Leiby Kletzky Killing Renews Calls For Oversight of Yeshivas

Advocates Want Fingerprinting and Background Checks of Employees

Tough Lessons: Jewish groups are focusing on child safety following the murder of Leiby Kletzky, whose funeral was held on July 13.
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Tough Lessons: Jewish groups are focusing on child safety following the murder of Leiby Kletzky, whose funeral was held on July 13.

By Naomi Zeveloff

Published August 05, 2011, issue of August 12, 2011.
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Tax credits for property owners who install security cameras. Electronic tracking devices for children to wear. Signs designating storefronts as “safe havens” for lost kids.

A number of child-safety proposals have been floated in the wake of the murder of 8-year-old Leiby Kletzky in Brooklyn’s Boro Park neighborhood.

One proposal might stand out to New York State residents as a commonsense initiative: mandatory background checks and fingerprinting for private school employees.

The checks would not have prevented the murder of Kletzky. Accused killer Levi Aron, also a Jew from Boro Park, abducted the boy off the street in July as the child walked home from a neighborhood summer camp. But advocates contend that such regulation would codify one lesson of the murder: that Orthodox communities can no longer place blind trust in their own.

“The point that we bring to the table is that we Jews can’t do it ourselves,” said Elliot Pasik, president of the Jewish Board of Advocates for Children. “We can’t self-govern. We can’t police ourselves. We need laws for child safety.”

Only one Jewish private school out of hundreds in the state has opted into a program to fingerprint prospective employees, state records show.

Pasik’s organization has set forth a legislative agenda to apply public school safety measures to yeshivas and, by extension, to all private schools in New York State. In addition to mandatory fingerprint testing and criminal background checks for all religious school employees, Pasik has called for laws that would force private school officials to report in-school abuse to secular authorities and to register teachers with the State Education Department. Pasik’s plan would also force them to create school safety plans and to place defibrillators in each institution, among other mandates.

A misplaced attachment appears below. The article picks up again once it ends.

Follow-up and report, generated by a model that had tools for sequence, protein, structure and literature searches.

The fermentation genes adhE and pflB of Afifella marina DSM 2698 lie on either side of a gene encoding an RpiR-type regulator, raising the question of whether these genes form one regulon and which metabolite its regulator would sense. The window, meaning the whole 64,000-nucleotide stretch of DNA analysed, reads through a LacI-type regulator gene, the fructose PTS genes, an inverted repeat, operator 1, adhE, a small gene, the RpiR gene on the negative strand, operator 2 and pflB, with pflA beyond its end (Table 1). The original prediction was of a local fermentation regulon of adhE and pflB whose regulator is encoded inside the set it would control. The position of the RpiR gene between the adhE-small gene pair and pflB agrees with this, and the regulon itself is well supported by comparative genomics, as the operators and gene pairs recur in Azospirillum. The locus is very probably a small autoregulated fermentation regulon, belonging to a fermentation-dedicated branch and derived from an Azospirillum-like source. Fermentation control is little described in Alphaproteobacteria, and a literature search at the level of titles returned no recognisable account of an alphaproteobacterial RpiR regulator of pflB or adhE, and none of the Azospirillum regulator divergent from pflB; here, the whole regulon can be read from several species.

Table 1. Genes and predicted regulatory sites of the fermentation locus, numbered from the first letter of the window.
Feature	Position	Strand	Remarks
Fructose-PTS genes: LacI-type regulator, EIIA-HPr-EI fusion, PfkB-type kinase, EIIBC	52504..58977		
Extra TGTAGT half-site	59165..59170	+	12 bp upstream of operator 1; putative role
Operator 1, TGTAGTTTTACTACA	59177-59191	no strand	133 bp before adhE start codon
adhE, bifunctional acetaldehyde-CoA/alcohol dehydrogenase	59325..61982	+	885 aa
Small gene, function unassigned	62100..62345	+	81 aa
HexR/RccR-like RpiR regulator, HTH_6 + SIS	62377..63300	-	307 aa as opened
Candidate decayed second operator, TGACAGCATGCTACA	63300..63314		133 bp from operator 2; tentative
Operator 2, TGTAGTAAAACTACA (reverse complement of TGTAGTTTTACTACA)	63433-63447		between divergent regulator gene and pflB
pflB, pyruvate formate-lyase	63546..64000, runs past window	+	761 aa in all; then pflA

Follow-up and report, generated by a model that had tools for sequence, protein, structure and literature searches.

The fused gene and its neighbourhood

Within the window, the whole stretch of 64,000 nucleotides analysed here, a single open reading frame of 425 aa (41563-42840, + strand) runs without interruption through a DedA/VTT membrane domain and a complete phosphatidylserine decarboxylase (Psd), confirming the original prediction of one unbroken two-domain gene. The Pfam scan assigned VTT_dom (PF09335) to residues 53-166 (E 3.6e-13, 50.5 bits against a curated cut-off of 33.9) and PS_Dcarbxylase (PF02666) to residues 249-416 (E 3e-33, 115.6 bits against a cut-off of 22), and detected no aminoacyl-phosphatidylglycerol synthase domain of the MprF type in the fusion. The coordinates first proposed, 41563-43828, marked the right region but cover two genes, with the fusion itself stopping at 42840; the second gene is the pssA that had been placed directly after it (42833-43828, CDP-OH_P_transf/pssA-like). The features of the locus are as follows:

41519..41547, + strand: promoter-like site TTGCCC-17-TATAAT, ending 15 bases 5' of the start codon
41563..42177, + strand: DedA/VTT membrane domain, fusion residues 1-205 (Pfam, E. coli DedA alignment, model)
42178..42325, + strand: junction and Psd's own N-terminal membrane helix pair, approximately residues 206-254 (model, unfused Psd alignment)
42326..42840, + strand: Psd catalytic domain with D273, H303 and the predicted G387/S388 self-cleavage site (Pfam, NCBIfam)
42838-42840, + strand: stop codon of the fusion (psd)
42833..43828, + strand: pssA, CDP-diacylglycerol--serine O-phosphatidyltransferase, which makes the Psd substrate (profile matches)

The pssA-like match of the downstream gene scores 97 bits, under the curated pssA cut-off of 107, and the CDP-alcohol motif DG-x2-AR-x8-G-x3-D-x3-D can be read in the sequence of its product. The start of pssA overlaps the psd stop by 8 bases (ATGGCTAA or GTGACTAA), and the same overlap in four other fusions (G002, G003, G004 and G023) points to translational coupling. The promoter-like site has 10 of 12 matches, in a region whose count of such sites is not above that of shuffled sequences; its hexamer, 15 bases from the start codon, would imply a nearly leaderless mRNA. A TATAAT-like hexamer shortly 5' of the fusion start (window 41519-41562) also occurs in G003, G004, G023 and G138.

“The religious school world is a legal no-man’s-land,” Pasik said. “The child protection laws that we are proposing are totally neutral. They don’t affect the religion clause of the First Amendment. They are as neutral as a building code or clean bathrooms or anything else.”

Even so, Pasik and other child advocates have not yet brought these proposals to pass. Pasik’s most recent call for legislation, — which he sent to six New York State senators and Assembly members, including Senate Majority Leader Dean Skelos and Assembly Speaker Sheldon Silver, in the wake of the Kletzky murder — is only the latest act in a decadelong crusade to regulate Jewish private schools.

In 2000, the New York State Assembly passed the Safe Schools Against Violence in Education Act, known as Project Save. Partially a response to the Columbine High School massacre, which had occurred the previous year, Project Save put into place a series of regulations to protect students and teachers. It also mandated background checks and fingerprinting for new public school employees, and forced teachers and school officials to report any abuse that they suspect is taking place on school grounds.